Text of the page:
26. 26. Anatolia is one of theworld’s oldest humanhabitats – hosts ofcivilizations have called ithome – and it enjoys aunique cultural richnesswith its thousands ofyears of history.Anatolia’s cultural variety is so rich that we cansee great cultural differences even in areasgeographically quite close to each other.
  27. 27. This colorful portrait holds just as true for Turkey’s music. We can categorize the types of music heard through the years of Anatolia’s long history into three groups:• Traditional/Local Music• Modern Turkish Classical Music• Popular Music• Other Music Examples
  28. 28. Romany Folk Culture Photography Exhibition• There were 52 black and white photographs in the exhibition, which was open to the public from 29th September to 6th October, 2000. Bride ( Edirne )
  29. 29. Drummer and Zurna Player Groom ( Edirne ) ( Sakarya )
  30. 30. Romany Entertainment Clarinet Player ( Edirne ) ( Sakarya )
  31. 31. Basket-making Romany Girls Dancing ( Edirne ) ( Edirne )
  32. 32. THE OTTOMAN CUISINE The Turkish tribes that once took the longtrek from Asia to Anatolia had carried withmuch success this rich culture which stemmedfrom the Far and which they had enrichedwith the materials gathered from everycountry along their pathway to their newhomeland cradling so many civilisations. It wasquite logical that the culinary culture wouldreceive its right place in this process.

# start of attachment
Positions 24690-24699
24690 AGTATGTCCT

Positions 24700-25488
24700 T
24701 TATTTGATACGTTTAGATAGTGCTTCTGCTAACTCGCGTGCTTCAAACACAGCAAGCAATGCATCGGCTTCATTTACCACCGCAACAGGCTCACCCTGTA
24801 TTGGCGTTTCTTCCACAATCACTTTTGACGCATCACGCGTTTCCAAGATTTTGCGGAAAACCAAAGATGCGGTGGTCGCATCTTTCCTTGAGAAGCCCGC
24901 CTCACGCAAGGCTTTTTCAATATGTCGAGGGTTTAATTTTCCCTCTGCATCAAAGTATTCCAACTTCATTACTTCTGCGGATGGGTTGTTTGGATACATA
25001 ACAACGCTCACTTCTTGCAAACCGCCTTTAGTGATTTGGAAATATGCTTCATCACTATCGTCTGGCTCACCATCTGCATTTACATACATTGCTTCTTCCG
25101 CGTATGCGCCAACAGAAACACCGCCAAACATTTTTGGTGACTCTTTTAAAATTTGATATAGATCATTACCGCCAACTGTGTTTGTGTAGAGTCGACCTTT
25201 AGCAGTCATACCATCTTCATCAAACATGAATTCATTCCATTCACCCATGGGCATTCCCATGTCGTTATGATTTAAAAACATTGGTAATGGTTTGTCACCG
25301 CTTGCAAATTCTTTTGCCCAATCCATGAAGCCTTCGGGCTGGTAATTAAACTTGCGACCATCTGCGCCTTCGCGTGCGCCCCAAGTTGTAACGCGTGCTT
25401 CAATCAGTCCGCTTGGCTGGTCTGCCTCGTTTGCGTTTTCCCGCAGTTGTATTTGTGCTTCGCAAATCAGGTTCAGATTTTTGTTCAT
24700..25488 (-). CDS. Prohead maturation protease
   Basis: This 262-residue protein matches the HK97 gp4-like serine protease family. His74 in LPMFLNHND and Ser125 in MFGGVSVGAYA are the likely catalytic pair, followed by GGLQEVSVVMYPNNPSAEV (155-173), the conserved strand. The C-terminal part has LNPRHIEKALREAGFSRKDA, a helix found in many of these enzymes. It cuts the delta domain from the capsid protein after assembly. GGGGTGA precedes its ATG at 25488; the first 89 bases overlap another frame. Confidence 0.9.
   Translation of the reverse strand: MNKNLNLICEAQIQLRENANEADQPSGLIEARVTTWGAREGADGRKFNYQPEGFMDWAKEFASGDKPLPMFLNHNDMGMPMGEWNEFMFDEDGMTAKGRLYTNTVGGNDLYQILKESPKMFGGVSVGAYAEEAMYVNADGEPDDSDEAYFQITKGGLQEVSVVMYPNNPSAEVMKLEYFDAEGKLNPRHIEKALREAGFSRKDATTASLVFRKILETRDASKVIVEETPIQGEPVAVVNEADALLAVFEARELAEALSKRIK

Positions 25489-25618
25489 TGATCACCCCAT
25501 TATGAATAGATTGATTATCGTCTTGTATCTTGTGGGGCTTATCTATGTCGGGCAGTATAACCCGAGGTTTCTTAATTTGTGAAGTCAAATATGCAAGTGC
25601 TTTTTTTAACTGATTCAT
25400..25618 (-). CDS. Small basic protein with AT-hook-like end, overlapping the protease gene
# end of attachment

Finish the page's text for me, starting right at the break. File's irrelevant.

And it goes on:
33. 33. The task in their new homeland wascommunicated to the newcomers with thesacrosanct order of “feed the hungry, cloth thepoor, rebuild the ruins and increase thepopulation”. Thus have evolved, developed andacquired renown the Ottoman culture. There were a lot of elements to develop thisflexible cultural acquis in the new homeland: Thecountry was first of all encircled by three seas:Black Sea, Aegean Sea and Mediterranean andthe two straits (İstanbul strait and Dardanelles)connecting
  34. 34. them were offering their unmatched fertilityto the squatters while the Anatolia, with thebenefit of living all four seasons at the sametime was providing fresh vegetables and fruitsto the entire country that had the luxury of aspringtime in the West, summer in the Southand a mild autumn along the Black Sea coast.
  35. 35. Traditional TheatreKARAGÖZ This is a shadow play based on the movements of representations of people, animals or objects called “tasvir” made of water buffalo or camel skin with the help of sticks against a curtain with s strong source of light behind it. The play takes name from its main character, Karagöz.
  36. 36. Southeast Asia is considered to be the origin ofshadow theatre. There are different opinions as to itsexistence in Turkey. According to one view, the “korkolcak” and “ cadir” games of Central Asia were in factexamples of shadow theatre and came to Anatolia bymeans of migration. Another opinion holds that SultanYavuz Selim brought shadow theatre artists to Turkeywhen he captured Egypt in 1517. Karagöz, which took its final shape in the 18thcentury, was always one of the most popular forms ofentertainment. Karagöz shows are performed by onesingle artists. Movements of the models on the curtain,their voices, different accents and mimicry are allcarried out by a single person.
  37. 37. PUPPET Puppets, meaning “baby” in Turkish, areone of the oldest forms of entertainment, andhave been found in Anatolia under differentnames such as korcak, kudurcuk, kaburcuk,kogurcak, kaurcak, lubet etc. Puppet shows“Korkolcak” and “Cadir Hayal” (puppet withropes) are also known by the same names inCentral Asia, which is therefore believed to bethe origin of the whole tradition.